Again, it is possible something has been lost in translation. Watching all of this, and claiming that the incident fits into his plans, is one Mr. Cornpone (last name indecipherable), who appears to be a fat investor in the circus. It is uncertain whether he sabotaged the track mechanism, or whether its malfunction was merely a coincidence, as we learn in a hospital room where Twinkle is recovering from the shock of her ordeal, from the clown (her father), that the circus has hit on hard financial times and they haven’t been able to afford proper upkeep on the equipment. Speed chips in some cash in hopes of putting the show back on its feet, and even Spritel and Chim-Chim dig into their pockets for their available candy. But more seems needed to keep the show afloat, and Twinkle and her dad turn to Cornpone. The next day, the circus has left town. Speed hears a radio announcement for a spectacular feat to be performed over Niagara Falls. A car will attempt to traverse the span of the falls on twin tightropes. The publicity stunt has been proposed and financed by Cornpone, who has led Twinkle and her father to believe it will really put their circus on the map as an attraction. Speed, however, realizes the extreme danger of keeping a car balanced on two wires – especially if the wind should cause the wires to sway and separate from one another. As Speed and Trixie race toward Niagara, they hear weather reports worsen, with greater winds predicted on the Canadian side of the falls, and possible outbreak of a storm. Twinkle’s dad hears it too, and tries to cancel the event. But Cornpone has Dad seized by several thugs, and insists he has paid for the event, and it will go on. Cornpone impersonates Dad in a clown suit, getting Twinkle ready for her performance. Why? It turns out Cornpone is a master international thief, and intends to use the performance as a distraction to his own operation timed to simultaneously occur at the base of the falls, where he prepares to have a large pipe placed through the falls’ water as a tunnel to a rumored Indian cavern beneath the falls, where he believes a hidden treasure is located. (Far-fetched that no one else has explored it? Yes, indeed. But then, so was the later Touchstone feature “National Treasure II”, to which portions of this plot bear some resemblance.)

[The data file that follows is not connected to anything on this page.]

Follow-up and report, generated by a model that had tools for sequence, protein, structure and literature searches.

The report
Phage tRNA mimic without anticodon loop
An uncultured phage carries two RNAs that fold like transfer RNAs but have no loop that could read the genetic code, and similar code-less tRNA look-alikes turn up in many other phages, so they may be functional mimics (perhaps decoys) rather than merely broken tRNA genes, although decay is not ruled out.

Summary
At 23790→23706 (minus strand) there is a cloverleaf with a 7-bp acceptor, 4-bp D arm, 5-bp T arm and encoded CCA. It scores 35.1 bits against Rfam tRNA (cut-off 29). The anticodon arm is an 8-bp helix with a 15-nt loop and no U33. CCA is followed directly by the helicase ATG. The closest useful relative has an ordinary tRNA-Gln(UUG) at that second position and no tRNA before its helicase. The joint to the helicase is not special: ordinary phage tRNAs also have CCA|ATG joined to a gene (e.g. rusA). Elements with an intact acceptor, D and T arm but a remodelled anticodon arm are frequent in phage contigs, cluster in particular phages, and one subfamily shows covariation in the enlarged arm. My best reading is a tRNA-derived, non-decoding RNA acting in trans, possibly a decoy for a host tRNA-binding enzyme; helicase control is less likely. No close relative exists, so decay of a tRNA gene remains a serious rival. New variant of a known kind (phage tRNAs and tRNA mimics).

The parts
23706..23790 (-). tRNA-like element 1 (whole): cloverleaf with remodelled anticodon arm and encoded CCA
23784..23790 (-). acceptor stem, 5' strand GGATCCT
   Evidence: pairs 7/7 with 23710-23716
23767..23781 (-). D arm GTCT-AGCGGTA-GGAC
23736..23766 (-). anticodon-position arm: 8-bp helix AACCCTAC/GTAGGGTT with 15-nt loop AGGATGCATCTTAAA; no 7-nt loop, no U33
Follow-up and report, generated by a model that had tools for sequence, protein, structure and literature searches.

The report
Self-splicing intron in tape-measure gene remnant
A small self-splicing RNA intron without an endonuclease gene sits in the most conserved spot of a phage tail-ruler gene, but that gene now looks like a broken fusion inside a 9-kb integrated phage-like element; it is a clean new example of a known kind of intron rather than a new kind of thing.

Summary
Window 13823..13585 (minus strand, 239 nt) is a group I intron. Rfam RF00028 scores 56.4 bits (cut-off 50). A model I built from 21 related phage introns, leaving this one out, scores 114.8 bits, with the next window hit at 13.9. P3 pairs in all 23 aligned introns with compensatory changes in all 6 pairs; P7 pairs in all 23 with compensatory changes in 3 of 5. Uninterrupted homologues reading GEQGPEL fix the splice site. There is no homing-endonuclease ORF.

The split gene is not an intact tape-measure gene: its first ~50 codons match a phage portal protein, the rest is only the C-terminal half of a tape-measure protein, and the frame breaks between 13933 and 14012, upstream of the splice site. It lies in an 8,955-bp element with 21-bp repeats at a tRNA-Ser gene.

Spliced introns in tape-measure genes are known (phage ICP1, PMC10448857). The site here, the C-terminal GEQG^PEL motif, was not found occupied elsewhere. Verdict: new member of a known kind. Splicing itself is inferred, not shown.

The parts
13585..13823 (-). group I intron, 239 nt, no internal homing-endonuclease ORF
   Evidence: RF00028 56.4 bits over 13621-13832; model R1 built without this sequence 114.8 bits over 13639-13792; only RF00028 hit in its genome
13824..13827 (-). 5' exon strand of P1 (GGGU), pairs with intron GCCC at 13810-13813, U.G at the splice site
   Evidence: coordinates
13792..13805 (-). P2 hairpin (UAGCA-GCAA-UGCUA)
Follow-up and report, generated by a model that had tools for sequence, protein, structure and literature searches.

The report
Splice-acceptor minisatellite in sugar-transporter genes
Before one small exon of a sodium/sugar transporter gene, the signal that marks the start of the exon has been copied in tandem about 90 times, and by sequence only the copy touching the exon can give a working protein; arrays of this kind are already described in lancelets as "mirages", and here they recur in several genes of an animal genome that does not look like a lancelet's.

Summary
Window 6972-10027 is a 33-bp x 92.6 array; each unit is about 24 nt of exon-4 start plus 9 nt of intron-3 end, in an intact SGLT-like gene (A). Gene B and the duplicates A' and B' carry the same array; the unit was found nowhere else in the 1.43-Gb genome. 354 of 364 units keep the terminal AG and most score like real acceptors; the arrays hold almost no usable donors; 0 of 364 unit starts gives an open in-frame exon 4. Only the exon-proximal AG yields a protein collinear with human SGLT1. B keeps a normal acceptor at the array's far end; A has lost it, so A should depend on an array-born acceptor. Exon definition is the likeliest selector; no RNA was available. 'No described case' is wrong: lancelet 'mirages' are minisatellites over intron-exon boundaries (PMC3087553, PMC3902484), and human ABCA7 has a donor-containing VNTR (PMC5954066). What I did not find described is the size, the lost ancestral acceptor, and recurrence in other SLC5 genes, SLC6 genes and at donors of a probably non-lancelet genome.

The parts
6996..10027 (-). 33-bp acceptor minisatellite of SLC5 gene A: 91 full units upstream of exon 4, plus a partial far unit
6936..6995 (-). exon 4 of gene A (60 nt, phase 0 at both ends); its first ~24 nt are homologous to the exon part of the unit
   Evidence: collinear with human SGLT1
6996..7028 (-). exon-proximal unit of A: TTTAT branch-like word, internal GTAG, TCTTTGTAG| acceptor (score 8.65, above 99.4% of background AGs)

Twinkle begins her treacherous drive. Sure enough, the winds pick up. The wires sway violently, and the car is thrown off the wires, falling into the falls. Twinkle leaps from the car just n time to catch one of the wires with her hands, and hangs there desperately for life. Speed arrives, and is soon followed by his mechanic, who had been chasing Speed all the way to the falls to complete a modification job on the car. The two of them remove the Mach V’s tires, placing the car upon the wires by the wheels’ metal rims, which are slotted to act like the wheels of a railroad train to provide a bit more safety in gripping the wires and holding them together. Speed cautiously rolls out across the falls, reaching the halfway point, and stopping the car to haul up Twinkle from her precarious perch. Speed claims backing up would be more dangerous than proceeding forward, so attempts to complete the crossing. But the winds kick up again, and one cable snaps. Speed and Twinkle miraculously balance the Mach V with two tires on one line, until the second cable snaps too. The Mach V plummets into the falls. But being equipped for underwater running, Speed seals the cockpit, and tries to maneuver the car on the bottom. The currents, however, are too great for the car to traverse its way to the river bank, and the car repeatedly gets sucked backwards into a whirlpool. The cockpit air supply runs out, and Speed and Twinkle briefly pass out. But somehow, there is enough air left for Speed to revive, long enough to also remember fabled stories of the Indian cave beneath the falls, which he attempts to find by driving toward the falls instead of away from them. Somehow, he comes up inside a hidden lagoon inside the caverns. (Amazing that he found this way in, instead of being blocked by the tunnel pipe already installed during the act by Cornpone.) Cornpone is already there, and has already found the treasure, so orders Speed and Twinkle tied up to keep them quiet. A henchman reports from the tunnel that police are climbing down into the canyon in search of the fallen cars, and Cornpone orders a dynamite blast to seal the tunnel entrance. Cornpone already has located an old map which shows a back way out of the cavern through a maze of tunnels, only one of which leads to an exit. They hijack the Mach V and make a getaway. Twinkle turns out to have escape artist skills as another credential of her circus training, and is soon free of the ropes and able to untie Speed. Leaving the caverns is much easier than Cornpone surmised, as Speed simply follows the tire tracks left by the Mach V.